In late 1950s New York, Tom Ripley, a young underachiever, is sent to Italy to retrieve a rich and spoiled millionaire playboy, named Dickie Greenleaf. But when the errand fails, Ripley takes extreme measures.
Set in 1938 Berlin, Louise Von Hollendorf is the wife of a young Nazi diplomat who meets and falls in love with a certain Mitsuko Matsugae, an artist and the daughter of the Japanese ... See full summary »
After separation from his wife Robert moves to Vichy where he observes beautiful Juliette. Her fiance Patrick becomes jealous and attacks Robert. When Patrick disappears Robert is suspected to have killed him.
Fausto's mother refuses to accept the fact that her child is deaf, and refuse to send him to a special school where he can learn sign language. His aunt, though, teaches him to communicate,... See full summary »
A series of copycat murders will challenge the preconceptions of the brilliant academic Angela and her lifelong studies of death and its rituals, throwing Angela into collaboration with one of the world's foremost mediums.
Tom Ripley - cool, urbane, wealthy, and murderous - lives in a villa in the Veneto with Luisa, his harpsichord-playing girlfriend. A former business associate from Berlin's underworld pays a call asking Ripley's help in killing a rival. Ripley - ever a student of human nature - initiates a game to turn a mild and innocent local picture framer into a hit man. The artisan, Jonathan Trevanny, who's dying of cancer, has a wife, young son, and little to leave them. If Ripley draws Jonathan into the game, can Ripley maintain control? Does it stop at one killing? What if Ripley develops a conscience? Luisa prepares for her concert. Written by
John Malkovich remarked in an interview with the BBC that before starring in this film, he came close to directing The Talented Mr. Ripley (1999) and that he was in negotiations to obtain the rights to direct a remake of the first "Talented Mr Ripley" adaptation, Purple Noon (1960). See more »
Ripley's wife's sweater changes position during their love scene. See more »
Well, I learnt that once a week, regular as clockwork, he visits the zoo. He always ends up in the insect room. Well, that's where his real friends are, you know, bugs, creepy crawlies, slimey fucking things just like himself.
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Ripley's Game is the third Ripley story (by Patricia Highsmith) to be filmed, following 1960's Purple Noon (with Alain Delon as Ripley) and 1977's The American Friend (with Dennis Hopper as Ripley). Purple Noon was later remade as The Talented Mr. Ripley (1999), with Matt Damon as Ripley, and here The American Friend is remade, with John Malkovich as Ripley.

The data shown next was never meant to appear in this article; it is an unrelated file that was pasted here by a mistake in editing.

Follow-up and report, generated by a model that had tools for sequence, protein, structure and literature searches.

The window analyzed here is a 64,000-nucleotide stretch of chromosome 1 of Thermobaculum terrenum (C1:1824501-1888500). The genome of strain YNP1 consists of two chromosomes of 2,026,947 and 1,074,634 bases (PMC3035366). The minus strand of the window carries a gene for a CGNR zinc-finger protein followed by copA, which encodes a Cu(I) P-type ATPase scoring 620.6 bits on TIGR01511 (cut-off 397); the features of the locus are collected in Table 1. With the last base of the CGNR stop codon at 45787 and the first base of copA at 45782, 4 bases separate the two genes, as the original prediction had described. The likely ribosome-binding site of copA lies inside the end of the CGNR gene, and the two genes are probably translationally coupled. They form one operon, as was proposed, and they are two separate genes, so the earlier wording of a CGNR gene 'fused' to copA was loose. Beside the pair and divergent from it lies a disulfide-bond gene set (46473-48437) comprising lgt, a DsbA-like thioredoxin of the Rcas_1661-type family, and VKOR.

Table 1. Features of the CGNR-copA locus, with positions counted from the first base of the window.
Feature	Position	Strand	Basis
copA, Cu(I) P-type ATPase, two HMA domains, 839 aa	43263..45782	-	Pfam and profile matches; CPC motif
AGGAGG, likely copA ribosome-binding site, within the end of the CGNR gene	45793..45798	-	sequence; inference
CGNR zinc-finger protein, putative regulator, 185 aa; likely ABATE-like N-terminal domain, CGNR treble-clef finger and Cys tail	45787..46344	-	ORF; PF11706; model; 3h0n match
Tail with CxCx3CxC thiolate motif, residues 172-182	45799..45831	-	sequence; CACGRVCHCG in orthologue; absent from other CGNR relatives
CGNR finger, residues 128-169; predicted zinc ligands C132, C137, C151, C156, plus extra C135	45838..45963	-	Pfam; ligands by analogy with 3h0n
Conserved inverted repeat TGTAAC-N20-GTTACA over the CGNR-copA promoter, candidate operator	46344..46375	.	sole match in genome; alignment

In this story, Ripley's all grown up and has become quite the conniving scoundrel. Phrases like that are best at depicting the completely amoral Ripley, especially when put against a backdrop of Germany and Italy and Old Europe in general. It's not that Ripley doesn't care, it's that... well, okay, it's that Ripley doesn't care.
Ripley's pal Reeves (Ray Winstone) has a job that needs to be done, but when he asks Ripley to handle it, our resident evil-doer demurs - he has a better murderer in mind. Jonathan Trevanny (Dougray Scott) is a framemaker whose son has leukemia. Ah, the perfect man for the job. Ripley offers Trevanny a lot of cash, drawing the innocent into his game.
The main problem with the movie is that there's no real urgency, no sense of peril. We understand from the get-go that Tom Ripley's a sociopath, but we're given no clues as to his intentions or motivations. And adding to the ennui is Malkovich himself. Ordinarily, I can't think of anyone better at playing a conniving scoundrel (see him in 1988's Dangerous Liaisons), but Malkovich is so understated in this role that often you can hardly hear what he's saying! For the lead character to be so quiet and unassuming ought to be a federal offense. What was the director thinking?
But even if the performance was stronger, the plot itself is rather pedestrian. Oh, sure, you get pretty scenery (it's well photographed), but the twists and turns are really a simple matter of connecting the dots. Almost any fool could see how this one ends.
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